--- In

primenumbers@yahoogroups.com, "Mark Underwood"

<mark.underwood@...> wrote:

>

> Well surprise of surprises:

>

> The six numbers (5,30,33,42,60,63) yield primes for all 32 additive

> combinations of the six numbers.(!) I thought it would have been

> waaay higher.

>

> So we have as first cases:

>

> (1,4) has all 2 additive combinations yielding 2 primes.

> (1,4,8) has all 4 additive combos yielding 4 primes.

> (3,5,8,13) has all 8 additive combos yielding 8 primes.

> (3,10,12,15,27) has all 16 additive combos yielding 16 primes.

> (5,30,33,42,60,63) has all 32 additive combos yielding 32 primes.

>

> Interesting that thus far the greatest number in each set does not

> quite exceed 2^n. Surely that can't hold up for long...or can it?

>

> Wonders never cease!

> Mark

>

Took a nice sabbatical from numbers, namely the primes. The things

drive me crazy. But in a momement of weakness/boredom, perhaps abit of

seasonal affective disorder, I looked back over some of my

investigations.

Very shortly after this post from about a year and a half ago, I found

a way to greatly speed up the search for additive combinations which

yeild all primes. For instance: for six numbers, each not exceeding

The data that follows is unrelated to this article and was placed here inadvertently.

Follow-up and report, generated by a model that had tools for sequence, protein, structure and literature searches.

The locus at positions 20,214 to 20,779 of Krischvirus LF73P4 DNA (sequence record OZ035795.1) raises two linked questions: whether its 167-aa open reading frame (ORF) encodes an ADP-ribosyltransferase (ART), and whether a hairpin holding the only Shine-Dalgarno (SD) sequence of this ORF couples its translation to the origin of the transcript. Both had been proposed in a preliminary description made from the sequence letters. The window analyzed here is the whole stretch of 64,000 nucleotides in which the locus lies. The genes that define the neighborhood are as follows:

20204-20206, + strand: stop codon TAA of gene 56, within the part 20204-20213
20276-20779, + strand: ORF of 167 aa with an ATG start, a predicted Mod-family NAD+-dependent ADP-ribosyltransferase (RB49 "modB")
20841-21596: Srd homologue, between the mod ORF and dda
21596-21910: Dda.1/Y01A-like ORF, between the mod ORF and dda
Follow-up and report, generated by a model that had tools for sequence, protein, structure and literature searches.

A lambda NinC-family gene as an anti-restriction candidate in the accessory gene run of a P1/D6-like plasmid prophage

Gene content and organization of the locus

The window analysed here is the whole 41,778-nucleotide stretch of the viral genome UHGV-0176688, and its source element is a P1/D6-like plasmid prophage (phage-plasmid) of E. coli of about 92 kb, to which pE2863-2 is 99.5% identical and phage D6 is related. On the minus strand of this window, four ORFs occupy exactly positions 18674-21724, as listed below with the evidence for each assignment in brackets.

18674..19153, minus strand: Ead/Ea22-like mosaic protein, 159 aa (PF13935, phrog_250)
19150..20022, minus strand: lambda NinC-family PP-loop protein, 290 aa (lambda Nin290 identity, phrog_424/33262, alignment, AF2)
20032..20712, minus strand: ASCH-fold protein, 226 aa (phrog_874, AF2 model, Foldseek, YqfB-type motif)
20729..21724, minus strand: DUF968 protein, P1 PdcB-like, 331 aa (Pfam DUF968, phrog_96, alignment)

500, I found on the order of about 70 different solutions, each

yeilding (in their 32 additive combinations) all primes. But I noted

only one which yielded 32 *distinct* primes:

42,60,75,77,105,108

in its 32 additive combinations yields the 32 unique primes

13,17,19,23,41,43,47,53,79,97,

101,103,107,109,113,131,137,163,167,173,193,197,

229,233,251,257,263,313,317,347,383,467.

I tried a similar technique to get 7 numbers with all 64 additive

combinations yielding only primes, but with no success. I don't think

there is a solution if all the numbers are below 1000, but it wasn't

quite an exhaustive search.

Just throwing this out in case anyone is interested, before I entirely

forgot about it.

Mark